The subject known variously as 'Communication,' or 'Media Studies,' or (as we call it at my university) 'Media Ecology.'... [which] takes as its domain the study of the cultural consequences of media change: how media affect our forms of social organization, our cognitive habits, and our political ideas. As a young subject, media ecology must address such fundamental questions as how to define 'media,' where to look for cultural change, and how to link changes in our media environment with changes in our ways of behaving and feeling. But such questions rest on another, larger question which is as yet unanswered -- namely, what kind of subject is this to be? Is it a science? is it a branch of philosophy? Is it a form of social criticism? Where, in short, do we place it in the catalogue? The usual, indeed the only, answer is that the subject must be a social science.

Think of it all for a moment: How strange are the forms in which information is created and reality abstracted -- in sounds, scribbles, dots, pictures, electronic impulses. And what materials they require -- paper of variable textures, ink, screens, lights, punches, discs. And how much of it we may get and in what sequences. And think especially of what is required of our brains, senses, and bodies to get it. We must sit in dark places or well-lit living rooms. Light may come from behind a screen or in front of it. Pictures intersect sentences. We must go back in time or ahead of it. Or time may be suspended, contracted, or expanded. And think of how slowly some forms of information move and how rapidly do others. And think of where these forms come from and to whom they are addressed. Surely it is not too much to say that the configuration of all these properties of information has the deepest physiological, psychological, and social consequences. Nor is it too much to say -- in fact, it is saying the same thing -- that the configuration of these properties at any given time and place comprises an invisible environment around which we form our ideas about time and space, learning, knowledge, and social relations.

We may say then that the contribution of the telegraph to public discourse was to dignify irrelevance and amplify impotence. But this was not all: Telegraphy also made public discourse essentially incoherent. It brought into being a world of broken time and broken attention, to use Lewis Mumford's phrase. The principle strength of the telegraph was its capacity to move information, not collect it, explain it or analyze it. In this respect, telegraphy was the exact opposite of typography.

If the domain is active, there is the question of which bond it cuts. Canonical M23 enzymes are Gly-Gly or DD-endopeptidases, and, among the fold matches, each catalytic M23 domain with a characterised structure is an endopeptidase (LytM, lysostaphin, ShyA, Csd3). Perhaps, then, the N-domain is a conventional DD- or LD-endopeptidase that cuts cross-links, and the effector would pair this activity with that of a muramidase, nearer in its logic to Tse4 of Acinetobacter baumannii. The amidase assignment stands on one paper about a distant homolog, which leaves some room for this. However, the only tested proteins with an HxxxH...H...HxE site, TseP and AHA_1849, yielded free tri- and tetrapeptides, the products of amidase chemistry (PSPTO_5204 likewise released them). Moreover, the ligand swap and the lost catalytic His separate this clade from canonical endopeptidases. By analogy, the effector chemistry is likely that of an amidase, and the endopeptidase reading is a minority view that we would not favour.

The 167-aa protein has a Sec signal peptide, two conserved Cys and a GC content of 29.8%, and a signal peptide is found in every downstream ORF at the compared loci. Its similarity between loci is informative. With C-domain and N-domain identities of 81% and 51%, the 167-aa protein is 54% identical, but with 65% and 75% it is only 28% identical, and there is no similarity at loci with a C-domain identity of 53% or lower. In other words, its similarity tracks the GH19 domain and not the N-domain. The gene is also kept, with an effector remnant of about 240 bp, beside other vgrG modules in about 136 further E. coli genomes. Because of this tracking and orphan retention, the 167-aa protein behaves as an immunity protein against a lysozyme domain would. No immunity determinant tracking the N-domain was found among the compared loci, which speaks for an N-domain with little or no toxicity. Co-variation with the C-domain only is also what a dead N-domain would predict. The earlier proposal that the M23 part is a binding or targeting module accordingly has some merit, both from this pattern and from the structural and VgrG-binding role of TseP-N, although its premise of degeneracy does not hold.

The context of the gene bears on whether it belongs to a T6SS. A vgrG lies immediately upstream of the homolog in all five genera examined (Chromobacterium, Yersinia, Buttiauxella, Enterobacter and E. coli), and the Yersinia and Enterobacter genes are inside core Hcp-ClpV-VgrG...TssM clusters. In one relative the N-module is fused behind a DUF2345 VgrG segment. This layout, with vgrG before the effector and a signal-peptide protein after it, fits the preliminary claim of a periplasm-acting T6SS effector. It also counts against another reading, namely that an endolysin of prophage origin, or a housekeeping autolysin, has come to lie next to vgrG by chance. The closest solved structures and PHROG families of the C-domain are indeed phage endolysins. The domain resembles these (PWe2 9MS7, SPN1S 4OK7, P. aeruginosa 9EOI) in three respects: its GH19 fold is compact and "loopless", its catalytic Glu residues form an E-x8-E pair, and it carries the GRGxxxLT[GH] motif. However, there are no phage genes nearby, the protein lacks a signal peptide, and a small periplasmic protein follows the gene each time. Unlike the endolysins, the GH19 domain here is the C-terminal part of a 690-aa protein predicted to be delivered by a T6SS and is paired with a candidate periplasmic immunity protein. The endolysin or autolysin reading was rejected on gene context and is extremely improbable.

Whereas ethnic pride wants one to turn inward, toward the talents and accomplishments of one?s own group, diversity wants one to turn outwards, towards the talents and accomplishments of all groups.

People will come to adore the technologies that undo their capacities to think.

Suppose all of the syllabi and curricula and textbooks in the schools disappeared. Suppose all of the standardized tests ? city-wide, state-wide, and national ? were lost. In other words, suppose that the most common material impeding innovation in the schools simply did not exist. Then suppose that you decided to turn this "catastrophe" into an opportunity to increase the relevance of schools. What would you do? We have a possibility for you to consider: suppose that you decide to have the entire "curriculum" consist of questions. These questions would have to be worth seeking answers to not only from your point of view but, more importantly, from the point of view of the students. In order to get still closer to reality, add the requirement that the questions must help the students to develop and internalize concepts that will help them to survive in the rapidly changing world of the present and future...What questions would you have on your list? Take a pencil and list your questions...

The key to all fanatical beliefs is that they are self-confirming... (some beliefs are) fanatical not because they are "false", but because they are expressed in such a way that they can never be shown to be false.

The television commercial has mounted the most serious assault on capitalist ideology since the publication of Das Kapital.

This is the lesson of all great television commercials: They provide a slogan, a symbol or a focus that creates for viewers a comprehensive and compelling image of themselves. In the shift from party politics to television politics, the same goal is sought. We are not permitted to know who is best at being President or Governor or Senator, but whose image is best in touching and soothing the deep reaches of our discontent. We look at the television screen and ask, in the same voracious way as the Queen in Snow White and the Seven Dwarfs, Mirror, mirror on the wall, who is the fairest one of all? We are inclined to vote for those whose personality, family life, and style, as imaged on the screen, give back a better answer than the Queen received. As Xenophanes remarked twenty-five centuries ago, men always make their gods in their own image. But to this, television politics has added a new wrinkle: Those who would be gods refashion themselves into images the viewers would have them be.

We might say that a technology is to a medium as the brain to the mind. Like the brain, a technology is a physical apparatus. Like the mind, a medium is a use to which a physical apparatus is put. A technology becomes a medium as it employs a particular symbolic code, as it finds its place in a particular social setting, as it insinuates itself into economic and political contexts. A technology, in other words, is merely a machine. A medium is the social and intellectual environment a machine creates.

Who knows what schools will be like twenty-five years from now? Or fifty? In time, the type of student who is currently a failure may be considered a success. The type who is now successful may be regarded as a handicapped learner ? slow to respond, far too detached, lacking in emotion, inadequate in creating mental pictures of reality. Consider: what Thamus called the "conceit of wisdom" ? the unreal knowledge acquired through the written word ? eventually became the pre-eminent form of knowledge valued by the schools. There is no reason to suppose that such a form of knowledge must always remain so highly valued.

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American Humanist Author, Media Theorist and Cultural Critic